But if the capacity for flight is what attracted Audubon to birds, it was an utterly different quality he sought in women. Audubon's women were chosen carefully for how much they adored him, and for their unswerving commitment to him. His ever faithful wife, Lucy, managed his affairs from home, and Maria, with whom, as with the birds, he was enraptured, was at least initially always available for his little kisses. Govier is smart; her sympathies are clearly womanly but her voice is true. Her novelistic Audubon is perplexed, stunned and bemused when Maria exhibits her own tendency to flight.
Govier seems to be asking this: Is elusive the same as free? This Audubon hid as much as he revealed; he was terrified of being exposed as a fraud, and the more spun into his own fabrication he became, the less freedom he enjoyed. But as sometimes is the case, the dream was greater than the man. He finished the folio, each painting a life-sized rendition. When he died in 1851, he was quite soft in the head ("He lost his sight, after which he became childlike, at once a great man and a relic" p300), a softness that was the result of a series of small strokes which began with the brutal killing of a golden eagle specimen. Audubon had struggled to suffocate it with sulfur but failed. In the end he had to stab the bird with a large needle. The ordeal led to a collapse.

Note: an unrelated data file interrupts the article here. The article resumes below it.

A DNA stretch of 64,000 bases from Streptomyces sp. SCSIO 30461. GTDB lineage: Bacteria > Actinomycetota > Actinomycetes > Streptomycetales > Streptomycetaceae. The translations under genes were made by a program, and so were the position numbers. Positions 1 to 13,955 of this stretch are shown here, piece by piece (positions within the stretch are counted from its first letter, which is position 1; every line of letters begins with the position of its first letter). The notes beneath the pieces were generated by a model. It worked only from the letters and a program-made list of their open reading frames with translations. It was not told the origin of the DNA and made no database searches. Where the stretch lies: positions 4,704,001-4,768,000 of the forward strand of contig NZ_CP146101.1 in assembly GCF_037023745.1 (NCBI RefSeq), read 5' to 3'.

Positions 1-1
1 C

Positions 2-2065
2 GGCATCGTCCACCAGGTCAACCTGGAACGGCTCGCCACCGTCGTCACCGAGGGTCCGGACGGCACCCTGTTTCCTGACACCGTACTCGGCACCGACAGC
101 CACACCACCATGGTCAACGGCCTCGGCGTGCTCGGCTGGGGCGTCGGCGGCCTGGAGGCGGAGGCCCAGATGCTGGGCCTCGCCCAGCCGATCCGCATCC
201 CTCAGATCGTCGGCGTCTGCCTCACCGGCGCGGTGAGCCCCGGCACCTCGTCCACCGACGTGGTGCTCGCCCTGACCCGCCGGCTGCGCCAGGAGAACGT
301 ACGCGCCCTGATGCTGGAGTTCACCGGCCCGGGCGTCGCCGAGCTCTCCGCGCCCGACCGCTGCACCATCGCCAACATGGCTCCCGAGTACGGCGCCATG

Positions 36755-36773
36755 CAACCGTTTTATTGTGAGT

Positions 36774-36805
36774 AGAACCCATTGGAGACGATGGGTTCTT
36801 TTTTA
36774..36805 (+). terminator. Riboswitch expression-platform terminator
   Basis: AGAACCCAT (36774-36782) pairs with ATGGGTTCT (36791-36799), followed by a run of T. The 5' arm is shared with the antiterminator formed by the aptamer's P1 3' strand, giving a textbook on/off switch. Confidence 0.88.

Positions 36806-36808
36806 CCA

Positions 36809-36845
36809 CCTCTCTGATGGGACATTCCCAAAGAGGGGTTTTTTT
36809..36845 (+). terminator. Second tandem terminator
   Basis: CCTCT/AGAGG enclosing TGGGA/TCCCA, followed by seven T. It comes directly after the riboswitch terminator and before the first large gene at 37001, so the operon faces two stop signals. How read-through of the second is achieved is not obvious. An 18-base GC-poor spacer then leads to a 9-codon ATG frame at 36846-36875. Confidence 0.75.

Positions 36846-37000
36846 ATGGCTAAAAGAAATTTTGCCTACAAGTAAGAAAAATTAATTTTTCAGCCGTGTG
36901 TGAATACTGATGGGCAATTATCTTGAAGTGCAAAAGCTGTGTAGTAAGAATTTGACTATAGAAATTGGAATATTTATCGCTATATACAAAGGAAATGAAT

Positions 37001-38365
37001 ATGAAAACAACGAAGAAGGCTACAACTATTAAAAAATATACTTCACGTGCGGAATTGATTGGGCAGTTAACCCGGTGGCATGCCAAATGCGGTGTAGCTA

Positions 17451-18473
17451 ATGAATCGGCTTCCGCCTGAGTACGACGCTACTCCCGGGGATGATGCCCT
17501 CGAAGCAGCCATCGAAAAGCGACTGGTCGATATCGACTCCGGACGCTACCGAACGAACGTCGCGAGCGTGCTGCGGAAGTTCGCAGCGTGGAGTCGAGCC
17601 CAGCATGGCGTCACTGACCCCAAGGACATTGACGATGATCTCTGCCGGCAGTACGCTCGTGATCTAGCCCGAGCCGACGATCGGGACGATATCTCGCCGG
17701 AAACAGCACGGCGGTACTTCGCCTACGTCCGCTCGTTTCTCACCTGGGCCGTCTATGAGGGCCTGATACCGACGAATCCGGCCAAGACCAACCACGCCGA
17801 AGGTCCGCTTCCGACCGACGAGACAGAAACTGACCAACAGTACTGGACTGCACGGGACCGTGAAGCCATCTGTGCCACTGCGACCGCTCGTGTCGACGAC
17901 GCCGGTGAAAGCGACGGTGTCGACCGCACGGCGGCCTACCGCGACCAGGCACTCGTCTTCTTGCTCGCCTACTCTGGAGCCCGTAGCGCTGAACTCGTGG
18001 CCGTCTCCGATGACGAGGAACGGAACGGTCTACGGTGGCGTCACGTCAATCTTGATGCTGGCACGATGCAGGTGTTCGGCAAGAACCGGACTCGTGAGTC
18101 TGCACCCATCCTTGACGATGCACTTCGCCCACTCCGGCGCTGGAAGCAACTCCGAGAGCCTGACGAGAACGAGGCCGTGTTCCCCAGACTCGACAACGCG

Govier's Audubon is enigmatic, compelling for his amorality as much as his vision and determination. The reader is transfixed but fascinated by the particular brutalities he practiced¨the way he strangled and vivisected, pickled and preserved, the way he clipped the wings and tried to tame the little birds only to kill them in the end. When the reader discovers Audubon himself sinking to his ankles, knees and thighs in marsh, she reacts with concern; he must not die here, in this hell-hole off the Labrador coast before the work is completed. He must extricate himself from this murderous bog in order to finish the book. It is a testament to Govier's brilliance that Audubon's obsession is transferred here, and the reader becomes as fixated on Audubon as the artist is on his mission.
Bayfield is Audubon's perfect foil. He is a cartographer whose military ambition had been thwarted. He is a measurer, but also, as happens here, the measure. By his even barometer, his servile obedience, his uncanny ability to see only what is there, we get to see Audubon as both a fool and an artist. That Bayfield manages to find something noble in Audubon's efforts, is a sign that the noble end is often a morally-ambiguous quest, and that even the most clear-eyed are susceptible in the company of men like Audubon, whose very determination is seductive. Fittingly, Bayfield and Audubon meet each other up and down the coast of Labrador in all manner of fog and disaster. Theirs is clearly a foul weather friendship. Both men are shrouded by their passions. Traveling through grey areas is the fate that best becomes them. What is a noble aim ultimately depends on one's point view. As Audubon asserts, what Bayfield achieves when he charts a land is to bring in civility, to tame the wild, to destroy habitat, to extinguish species.
Odysseus made it home, but look at the carnage. And yet, out of that came art.